Education Policy Supports Social and Emotional Learning (SEL)
By Divya Sridhar, Ph.D., Policy Analyst at McGraw-Hill Education
Recently, the US has been taking greater interest in developing federal policy to support the presence of non-traditional skills and competencies — with a focus on social and emotional learning (SEL) — in traditional academic curriculum, and made this a priority across the nation. State policy has followed, leading to a broad swath of schools with varying demographics and socioeconomic characteristics participating in SEL. Research has shown the correlation between students who receive SEL and a wide range of positive outcomes: higher high school graduation rates, higher college matriculation rates, greater chances of success in the workforce, and positive health and well-being overall.
It is clear that federal policy is trying to keep pace with the changes in 21st century learning environments. Seeking to revise the former No Child Left Behind Act (NCLB), the most recent K-12 federal law — the Every Student Succeeds Act (ESSA) — was enacted in 2015. The law includes requirements to enhance the social emotional learning support in school environments, through funding for pilot programs, instructor training, and assessments that incorporate SEL.
For example, state funds from ESSA Title I and Title II, Part A can be used by schools to provide a host of techniques and supports for young children (pre-K through grade 3). SEL services may include mental health, drug and alcohol abuse, peer interaction, and chronic absenteeism. Additionally, Student Support and Academic Enrichment Grants (SSAEGs) are block grants awarded under Title IV, Part A of ESSA, which provide significant funding streams (nearly $1.65 billion in 2017 and $1.6 billion in the three fiscal years after) for the purpose of helping states incorporate SEL into school curriculum. Once block grants are awarded using a funding formula to specific school districts, the districts can choose to utilize the funds for SEL programs, assessments, and training. Federal opportunities to access these resources early on in their educational journey can pave the path for healthier and more successful futures.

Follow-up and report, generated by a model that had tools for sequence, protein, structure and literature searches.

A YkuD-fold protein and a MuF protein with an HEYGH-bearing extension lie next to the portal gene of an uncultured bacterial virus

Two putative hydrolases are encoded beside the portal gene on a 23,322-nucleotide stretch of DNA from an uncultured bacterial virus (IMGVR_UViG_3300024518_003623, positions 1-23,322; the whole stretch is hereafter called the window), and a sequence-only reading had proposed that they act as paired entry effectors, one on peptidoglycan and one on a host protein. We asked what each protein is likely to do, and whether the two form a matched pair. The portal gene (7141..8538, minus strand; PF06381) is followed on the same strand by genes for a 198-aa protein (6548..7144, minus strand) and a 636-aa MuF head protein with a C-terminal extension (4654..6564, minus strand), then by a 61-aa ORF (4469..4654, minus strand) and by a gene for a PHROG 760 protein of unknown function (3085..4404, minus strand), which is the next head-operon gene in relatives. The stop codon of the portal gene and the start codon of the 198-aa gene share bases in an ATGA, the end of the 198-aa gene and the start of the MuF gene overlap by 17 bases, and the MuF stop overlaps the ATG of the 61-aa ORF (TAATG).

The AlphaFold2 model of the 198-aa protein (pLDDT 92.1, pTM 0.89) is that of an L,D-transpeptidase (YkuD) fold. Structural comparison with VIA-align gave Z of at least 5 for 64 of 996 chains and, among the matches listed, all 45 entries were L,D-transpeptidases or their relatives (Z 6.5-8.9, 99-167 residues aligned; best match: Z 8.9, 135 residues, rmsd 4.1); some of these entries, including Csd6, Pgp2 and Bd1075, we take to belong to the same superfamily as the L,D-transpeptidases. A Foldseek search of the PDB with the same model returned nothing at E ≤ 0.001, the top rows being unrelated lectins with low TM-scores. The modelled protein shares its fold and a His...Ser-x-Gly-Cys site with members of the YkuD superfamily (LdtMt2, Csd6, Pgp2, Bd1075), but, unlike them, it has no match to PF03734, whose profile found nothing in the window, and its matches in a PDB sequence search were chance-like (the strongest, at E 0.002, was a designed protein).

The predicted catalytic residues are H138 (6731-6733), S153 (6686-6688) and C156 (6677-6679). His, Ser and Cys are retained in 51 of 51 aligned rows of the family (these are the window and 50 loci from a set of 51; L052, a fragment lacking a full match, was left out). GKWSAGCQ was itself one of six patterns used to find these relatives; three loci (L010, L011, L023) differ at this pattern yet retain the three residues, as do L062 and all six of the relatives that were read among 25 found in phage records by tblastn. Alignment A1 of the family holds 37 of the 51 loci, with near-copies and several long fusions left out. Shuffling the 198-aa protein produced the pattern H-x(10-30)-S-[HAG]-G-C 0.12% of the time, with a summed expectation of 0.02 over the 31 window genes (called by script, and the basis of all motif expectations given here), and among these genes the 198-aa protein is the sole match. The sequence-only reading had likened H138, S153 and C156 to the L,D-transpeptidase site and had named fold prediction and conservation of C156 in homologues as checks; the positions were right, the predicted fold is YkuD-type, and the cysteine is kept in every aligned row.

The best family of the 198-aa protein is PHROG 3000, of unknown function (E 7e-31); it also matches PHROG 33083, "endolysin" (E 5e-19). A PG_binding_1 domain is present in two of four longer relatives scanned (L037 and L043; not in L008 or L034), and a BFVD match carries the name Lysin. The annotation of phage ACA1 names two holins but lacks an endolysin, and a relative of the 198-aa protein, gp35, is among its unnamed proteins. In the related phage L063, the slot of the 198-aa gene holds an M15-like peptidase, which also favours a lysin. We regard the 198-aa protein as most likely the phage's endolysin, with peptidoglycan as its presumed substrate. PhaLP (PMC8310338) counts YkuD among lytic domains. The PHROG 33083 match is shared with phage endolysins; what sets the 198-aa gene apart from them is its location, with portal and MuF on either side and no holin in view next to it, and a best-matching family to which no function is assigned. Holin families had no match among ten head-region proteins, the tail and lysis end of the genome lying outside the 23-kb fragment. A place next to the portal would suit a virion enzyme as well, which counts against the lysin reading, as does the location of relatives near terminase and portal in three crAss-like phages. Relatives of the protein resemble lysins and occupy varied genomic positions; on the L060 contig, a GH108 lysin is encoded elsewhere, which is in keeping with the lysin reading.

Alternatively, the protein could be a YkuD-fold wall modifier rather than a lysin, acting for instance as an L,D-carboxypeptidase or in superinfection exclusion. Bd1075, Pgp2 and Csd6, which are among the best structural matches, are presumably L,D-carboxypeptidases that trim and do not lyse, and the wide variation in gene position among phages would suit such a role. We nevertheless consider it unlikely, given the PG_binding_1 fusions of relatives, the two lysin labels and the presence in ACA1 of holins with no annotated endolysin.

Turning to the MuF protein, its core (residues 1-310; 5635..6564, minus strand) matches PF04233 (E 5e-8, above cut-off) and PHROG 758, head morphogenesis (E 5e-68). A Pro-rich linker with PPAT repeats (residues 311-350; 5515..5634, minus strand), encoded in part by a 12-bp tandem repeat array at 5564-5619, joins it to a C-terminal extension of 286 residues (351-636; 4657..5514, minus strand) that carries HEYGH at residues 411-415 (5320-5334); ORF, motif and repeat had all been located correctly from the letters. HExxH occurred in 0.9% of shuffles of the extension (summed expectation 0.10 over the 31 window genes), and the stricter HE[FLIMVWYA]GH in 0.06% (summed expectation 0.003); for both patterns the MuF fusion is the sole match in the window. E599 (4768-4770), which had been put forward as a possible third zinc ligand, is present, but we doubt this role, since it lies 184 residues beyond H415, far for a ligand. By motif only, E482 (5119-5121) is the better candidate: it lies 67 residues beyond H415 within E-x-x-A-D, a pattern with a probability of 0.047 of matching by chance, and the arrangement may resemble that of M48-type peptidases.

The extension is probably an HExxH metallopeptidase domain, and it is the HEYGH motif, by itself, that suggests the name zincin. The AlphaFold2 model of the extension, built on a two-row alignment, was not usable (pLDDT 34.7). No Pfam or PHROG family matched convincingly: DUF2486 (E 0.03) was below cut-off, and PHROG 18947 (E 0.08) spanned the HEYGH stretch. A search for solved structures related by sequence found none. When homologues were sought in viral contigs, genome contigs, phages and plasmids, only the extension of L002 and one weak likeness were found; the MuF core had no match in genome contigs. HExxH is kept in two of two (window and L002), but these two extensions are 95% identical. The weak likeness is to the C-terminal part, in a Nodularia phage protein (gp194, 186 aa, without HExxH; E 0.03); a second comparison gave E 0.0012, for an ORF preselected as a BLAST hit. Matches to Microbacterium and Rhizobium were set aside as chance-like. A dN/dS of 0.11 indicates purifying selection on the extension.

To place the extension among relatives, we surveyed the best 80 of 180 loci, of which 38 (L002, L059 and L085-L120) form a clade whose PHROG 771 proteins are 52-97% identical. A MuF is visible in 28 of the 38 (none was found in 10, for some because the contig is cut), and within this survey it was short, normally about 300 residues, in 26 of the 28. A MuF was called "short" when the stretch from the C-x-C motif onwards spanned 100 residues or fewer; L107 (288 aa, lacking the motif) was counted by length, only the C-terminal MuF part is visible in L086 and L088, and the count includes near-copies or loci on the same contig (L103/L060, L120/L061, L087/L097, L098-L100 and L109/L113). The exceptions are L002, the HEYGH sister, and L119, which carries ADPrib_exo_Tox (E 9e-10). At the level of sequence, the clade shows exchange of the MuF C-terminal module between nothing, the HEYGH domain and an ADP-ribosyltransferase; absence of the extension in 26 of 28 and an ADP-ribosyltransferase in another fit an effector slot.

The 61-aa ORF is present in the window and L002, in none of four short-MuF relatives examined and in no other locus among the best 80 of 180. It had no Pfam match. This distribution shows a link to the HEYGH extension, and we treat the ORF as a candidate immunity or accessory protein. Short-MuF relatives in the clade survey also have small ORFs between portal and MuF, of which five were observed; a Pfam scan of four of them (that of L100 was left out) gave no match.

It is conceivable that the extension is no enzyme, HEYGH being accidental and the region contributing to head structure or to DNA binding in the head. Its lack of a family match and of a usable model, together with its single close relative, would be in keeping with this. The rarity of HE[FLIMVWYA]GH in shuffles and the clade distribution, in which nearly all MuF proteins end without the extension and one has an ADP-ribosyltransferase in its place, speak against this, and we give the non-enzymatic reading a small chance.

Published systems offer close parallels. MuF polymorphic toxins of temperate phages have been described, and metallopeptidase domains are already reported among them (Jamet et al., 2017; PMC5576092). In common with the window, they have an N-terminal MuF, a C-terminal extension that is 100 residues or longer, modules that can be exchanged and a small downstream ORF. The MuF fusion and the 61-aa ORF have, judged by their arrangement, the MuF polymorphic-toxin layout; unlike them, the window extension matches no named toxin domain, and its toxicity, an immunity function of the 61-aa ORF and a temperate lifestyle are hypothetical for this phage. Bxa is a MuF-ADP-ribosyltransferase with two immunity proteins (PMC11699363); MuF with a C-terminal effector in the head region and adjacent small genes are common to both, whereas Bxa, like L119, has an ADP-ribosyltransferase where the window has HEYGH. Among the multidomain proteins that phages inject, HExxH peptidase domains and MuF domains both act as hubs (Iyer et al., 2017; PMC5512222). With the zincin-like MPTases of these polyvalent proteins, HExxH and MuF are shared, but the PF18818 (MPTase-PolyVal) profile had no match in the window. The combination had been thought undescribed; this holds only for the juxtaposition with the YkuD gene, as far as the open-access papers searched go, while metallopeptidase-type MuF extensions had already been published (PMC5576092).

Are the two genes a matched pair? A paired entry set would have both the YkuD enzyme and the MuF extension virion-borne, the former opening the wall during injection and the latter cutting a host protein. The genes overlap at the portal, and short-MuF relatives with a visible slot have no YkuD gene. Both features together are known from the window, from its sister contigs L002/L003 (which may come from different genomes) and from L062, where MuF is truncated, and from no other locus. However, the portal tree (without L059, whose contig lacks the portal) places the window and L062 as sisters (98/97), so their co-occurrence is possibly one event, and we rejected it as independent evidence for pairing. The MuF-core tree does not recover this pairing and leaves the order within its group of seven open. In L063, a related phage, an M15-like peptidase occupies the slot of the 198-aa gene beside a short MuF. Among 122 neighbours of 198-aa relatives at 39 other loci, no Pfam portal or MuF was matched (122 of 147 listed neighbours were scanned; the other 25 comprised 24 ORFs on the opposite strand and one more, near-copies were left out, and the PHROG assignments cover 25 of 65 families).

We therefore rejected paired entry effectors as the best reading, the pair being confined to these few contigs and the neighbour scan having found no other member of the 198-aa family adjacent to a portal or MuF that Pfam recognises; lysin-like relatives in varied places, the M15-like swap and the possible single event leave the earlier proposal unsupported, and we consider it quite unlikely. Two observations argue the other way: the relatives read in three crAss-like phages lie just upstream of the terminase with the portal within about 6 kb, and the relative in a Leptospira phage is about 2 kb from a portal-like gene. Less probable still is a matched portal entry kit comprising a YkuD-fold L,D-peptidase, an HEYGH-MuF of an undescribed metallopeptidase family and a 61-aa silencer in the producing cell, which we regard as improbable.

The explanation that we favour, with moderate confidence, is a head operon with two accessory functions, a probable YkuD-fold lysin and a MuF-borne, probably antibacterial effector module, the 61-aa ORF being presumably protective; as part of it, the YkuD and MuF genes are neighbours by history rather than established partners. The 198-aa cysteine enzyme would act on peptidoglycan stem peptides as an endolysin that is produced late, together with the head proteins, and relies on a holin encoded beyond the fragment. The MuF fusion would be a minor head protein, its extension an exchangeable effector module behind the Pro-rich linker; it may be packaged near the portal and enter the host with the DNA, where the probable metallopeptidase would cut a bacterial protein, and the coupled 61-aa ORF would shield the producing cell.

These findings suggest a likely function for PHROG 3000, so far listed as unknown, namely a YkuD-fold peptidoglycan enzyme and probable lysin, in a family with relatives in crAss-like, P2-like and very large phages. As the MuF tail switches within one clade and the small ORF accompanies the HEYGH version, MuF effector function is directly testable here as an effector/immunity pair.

State policy shapes the SEL developmental standards schools are required to meet. While a vast majority of schools incorporate SEL into their preschool standards, only four states have introduced SEL standards for grades K-12, and therefore, fewer schools have introduced SEL requirements across K-12, as compared to preschool. Yet, there remains hope for the future of SEL across the learning continuum. The Collaborative for Academic, Social, and Emotional Learning (CASEL) is an organization supported by a panel of experts to assist eight states in identifying best practices for implementing SEL in their state-specific plans. CASEL has also helped large urban school districts implement districtwide SEL plans. Furthermore, in the past year alone, ten states have introduced legislation to further support specific research, training, and funding for SEL and it is likely that more states will be focusing on SEL in the years to come.
To strengthen efforts being led by governing policies, other education stakeholders can play a role in making SEL an important part of the tools and resources students utilize in the classroom.
Divya Sridhar has been the Policy Analyst on the Government Affairs team at MHE for over two years. She has been in the public policy space for close to 7 years. She helps the company develop point of view documents, position papers, narratives, and thought leadership on focus areas within education policy.